One of the trickiest things about anti-cancer drug design is targeting. Today, most drugs on the market target critical cell cycle or cell surface proteins, with new research identifying new targets every day.
In a new study out of the University of Toyama in Japan, a team conducted a screen and identified a possible protein target for cancer therapeutics. This target, called PMSD14, was tied to something called the proteasome, which has been on researchers’ radar for potential cancer therapeutics for a while now.
The proteasome is the primary protein disposal tool in most cells. An old or defective protein is tagged with something called ubiquitin, which targets that protein to the proteasome. The proteasome then shreds it into small pieces. The protein that the team identified is called PSMD14, which is responsible for un-tagging ubiquitinated proteins. It has also been linked to cancer in other studies.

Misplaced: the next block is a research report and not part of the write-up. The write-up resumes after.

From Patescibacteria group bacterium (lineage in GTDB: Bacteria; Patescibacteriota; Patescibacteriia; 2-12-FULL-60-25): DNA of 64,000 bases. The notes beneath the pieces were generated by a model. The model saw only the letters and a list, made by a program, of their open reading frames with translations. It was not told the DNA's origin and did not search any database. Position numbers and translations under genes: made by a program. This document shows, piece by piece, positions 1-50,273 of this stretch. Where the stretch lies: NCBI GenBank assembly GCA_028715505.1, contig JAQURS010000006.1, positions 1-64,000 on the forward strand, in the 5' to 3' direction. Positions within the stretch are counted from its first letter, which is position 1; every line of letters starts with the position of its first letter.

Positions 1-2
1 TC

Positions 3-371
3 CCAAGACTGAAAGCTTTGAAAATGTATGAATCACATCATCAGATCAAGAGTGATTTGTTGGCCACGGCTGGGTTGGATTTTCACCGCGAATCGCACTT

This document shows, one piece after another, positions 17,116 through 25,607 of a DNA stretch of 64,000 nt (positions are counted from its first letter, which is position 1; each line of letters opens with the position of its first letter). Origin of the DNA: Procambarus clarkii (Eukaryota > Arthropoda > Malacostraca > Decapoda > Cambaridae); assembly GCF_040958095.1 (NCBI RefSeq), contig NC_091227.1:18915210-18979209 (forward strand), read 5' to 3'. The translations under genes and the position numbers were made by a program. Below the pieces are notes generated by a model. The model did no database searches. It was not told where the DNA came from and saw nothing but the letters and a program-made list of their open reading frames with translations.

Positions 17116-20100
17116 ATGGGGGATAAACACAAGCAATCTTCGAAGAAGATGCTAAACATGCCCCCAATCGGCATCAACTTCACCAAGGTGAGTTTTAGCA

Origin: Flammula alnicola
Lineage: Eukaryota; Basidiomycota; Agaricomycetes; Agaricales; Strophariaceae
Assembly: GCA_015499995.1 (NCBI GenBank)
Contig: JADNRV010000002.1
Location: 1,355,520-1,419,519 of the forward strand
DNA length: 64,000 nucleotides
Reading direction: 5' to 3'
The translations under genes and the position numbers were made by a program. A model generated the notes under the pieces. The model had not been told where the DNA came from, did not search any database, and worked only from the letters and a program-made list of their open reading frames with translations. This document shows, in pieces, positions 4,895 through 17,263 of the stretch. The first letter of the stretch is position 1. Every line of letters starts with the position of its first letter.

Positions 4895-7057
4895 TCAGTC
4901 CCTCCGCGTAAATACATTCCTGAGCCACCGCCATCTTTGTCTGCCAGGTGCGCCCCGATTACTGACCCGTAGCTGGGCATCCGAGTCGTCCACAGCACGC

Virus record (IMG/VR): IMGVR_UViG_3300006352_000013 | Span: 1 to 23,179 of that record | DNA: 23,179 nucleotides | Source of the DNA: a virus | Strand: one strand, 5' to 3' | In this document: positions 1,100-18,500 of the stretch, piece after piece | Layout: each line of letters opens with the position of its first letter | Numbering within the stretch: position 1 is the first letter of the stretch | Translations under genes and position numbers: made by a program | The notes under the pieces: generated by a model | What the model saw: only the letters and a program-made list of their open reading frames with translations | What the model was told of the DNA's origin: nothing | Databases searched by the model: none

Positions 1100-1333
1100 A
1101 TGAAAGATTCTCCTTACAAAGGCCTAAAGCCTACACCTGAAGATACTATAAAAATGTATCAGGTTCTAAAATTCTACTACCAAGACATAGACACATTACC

The study first identified PSMD14 as a promoter of melanoma growth. The team then attempted to figure out the mechanism in which it worked. They analyzed genes that correlated one way or another with PSMD14’s loss. The team then examined how PSMD14 loss in melanoma cells affected growth and metastatic characteristics.
They began by knocking out the PSMD14 gene in a melanoma cell line. A previous study pointed to this knockout affecting cell cycle inhibitor proteins p21 and RB. The cell cycle is how cells grow and divide, so its inhibition effectively kills a cell. Indeed, PSMD14 knockout upregulated p21 expression and activated RB. Therefore, inhibiting PSMD14 with a drug could activate these two cell cycle inhibitors and impair melanoma growth.
The proteasome presents an interesting but complex target for anti-cancer therapeutics. This study shines a light on not the proteasome but on one of its assisting proteins. PSMD14 knockout in melanoma results in the activation and upregulation of CDK inhibitors RB and p21, which impairs the growth of melanoma cells in vitro. Targeting PSMD14 would allow scientists to selectively target the proteasome without inducing catastrophic dysfunction, although far more research needs to be done to ensure it would work.
The study concludes, “Although we identified PSMD14 as a molecular target for melanoma, there is currently no available drug targeting PSMD14. As the disturbance of proteasome function by PSMD14 knockdown may affect melanoma growth, proteasome inhibitors, including bortezomib, may be attractive drugs for melanoma.”